“It’s going to look very different for singles and couples,” says Gaiser. “You’re in your 20s, then you get married. Then you’re in your 30s and you’re having kids. It’s going to look a whole lot different. Or maybe you haven’t been on track to invest so far, but are now well situated. What if you paid off a bunch of student loan debt when you were young, and now you’re in a position to super-save for retirement?”

That’s why, as good as the calculators can be, Benz recommends talking to a pro.

“Hiring a financial advisor — even one you pay hourly — would be the gold standard,” Benz says.

If a financial advisor finds that you’re not up to snuff, they’ll be able to craft a plan unique to your particular financial situation. If you come to the same conclusion through your calculations, aim to increase your savings rate and be sure that your investing accounts are fully invested in diversified mutual funds and exchange-traded funds — not just sitting in cash.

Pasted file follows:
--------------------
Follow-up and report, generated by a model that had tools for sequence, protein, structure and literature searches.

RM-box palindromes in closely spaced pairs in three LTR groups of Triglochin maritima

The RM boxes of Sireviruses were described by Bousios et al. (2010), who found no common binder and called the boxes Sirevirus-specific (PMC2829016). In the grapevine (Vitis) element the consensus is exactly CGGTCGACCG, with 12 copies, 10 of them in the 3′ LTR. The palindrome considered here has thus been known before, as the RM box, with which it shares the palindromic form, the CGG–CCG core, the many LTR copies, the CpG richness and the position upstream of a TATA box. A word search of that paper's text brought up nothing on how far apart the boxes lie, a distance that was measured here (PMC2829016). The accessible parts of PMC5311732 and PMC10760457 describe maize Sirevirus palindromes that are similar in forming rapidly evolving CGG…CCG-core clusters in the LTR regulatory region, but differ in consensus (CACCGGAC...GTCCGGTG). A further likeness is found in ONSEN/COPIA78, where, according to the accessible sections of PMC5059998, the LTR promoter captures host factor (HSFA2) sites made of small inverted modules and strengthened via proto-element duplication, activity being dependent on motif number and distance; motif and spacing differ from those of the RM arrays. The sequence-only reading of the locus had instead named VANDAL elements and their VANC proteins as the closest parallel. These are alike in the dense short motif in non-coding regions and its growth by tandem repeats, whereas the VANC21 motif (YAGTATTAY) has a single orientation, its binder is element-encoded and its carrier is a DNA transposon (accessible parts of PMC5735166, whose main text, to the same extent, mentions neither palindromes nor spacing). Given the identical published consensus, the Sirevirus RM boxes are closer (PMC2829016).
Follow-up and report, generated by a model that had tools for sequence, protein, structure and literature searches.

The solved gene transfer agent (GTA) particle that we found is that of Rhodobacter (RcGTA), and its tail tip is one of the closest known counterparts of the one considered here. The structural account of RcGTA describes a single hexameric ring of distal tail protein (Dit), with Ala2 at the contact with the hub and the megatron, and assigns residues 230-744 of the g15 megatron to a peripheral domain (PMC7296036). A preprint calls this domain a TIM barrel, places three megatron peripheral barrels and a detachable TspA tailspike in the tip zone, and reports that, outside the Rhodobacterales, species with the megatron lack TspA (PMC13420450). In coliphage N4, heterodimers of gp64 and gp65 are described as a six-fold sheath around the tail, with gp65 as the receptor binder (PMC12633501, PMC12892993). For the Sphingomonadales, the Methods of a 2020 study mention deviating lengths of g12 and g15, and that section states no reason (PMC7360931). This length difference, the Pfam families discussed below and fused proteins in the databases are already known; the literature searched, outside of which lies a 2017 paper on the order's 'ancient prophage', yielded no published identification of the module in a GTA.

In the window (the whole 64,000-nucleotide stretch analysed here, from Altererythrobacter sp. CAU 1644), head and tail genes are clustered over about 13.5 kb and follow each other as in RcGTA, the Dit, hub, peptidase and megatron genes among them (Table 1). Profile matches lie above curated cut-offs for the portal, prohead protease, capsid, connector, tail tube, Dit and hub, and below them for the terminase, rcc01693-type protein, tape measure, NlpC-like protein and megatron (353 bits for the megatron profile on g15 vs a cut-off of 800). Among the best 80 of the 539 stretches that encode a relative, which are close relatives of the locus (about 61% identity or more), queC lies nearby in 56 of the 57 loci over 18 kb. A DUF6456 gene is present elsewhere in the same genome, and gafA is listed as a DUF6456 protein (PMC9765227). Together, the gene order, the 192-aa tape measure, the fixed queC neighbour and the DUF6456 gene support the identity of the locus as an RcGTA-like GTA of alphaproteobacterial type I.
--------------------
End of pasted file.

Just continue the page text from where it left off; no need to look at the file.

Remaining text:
Don’t, however, assume a higher rate of return on your investments in order to overcome a perceived shortfall, experts say. By assuming your investments will deliver above-average returns, you are either lying to yourself about where you are or could be tempted to take on riskier bets to get your desired return.

“A sober market forecast for a balanced portfolio of stocks and bonds is about an annualized 5% or 6%,” says Benz. “An all-stock portfolio might deliver somewhere between 8% and 12%. Venturing much higher in your expectations is dangerous. Don’t assume you’re going to get some Hail Mary in the market. I would avoid trying to pull that lever.”


Source: CNBC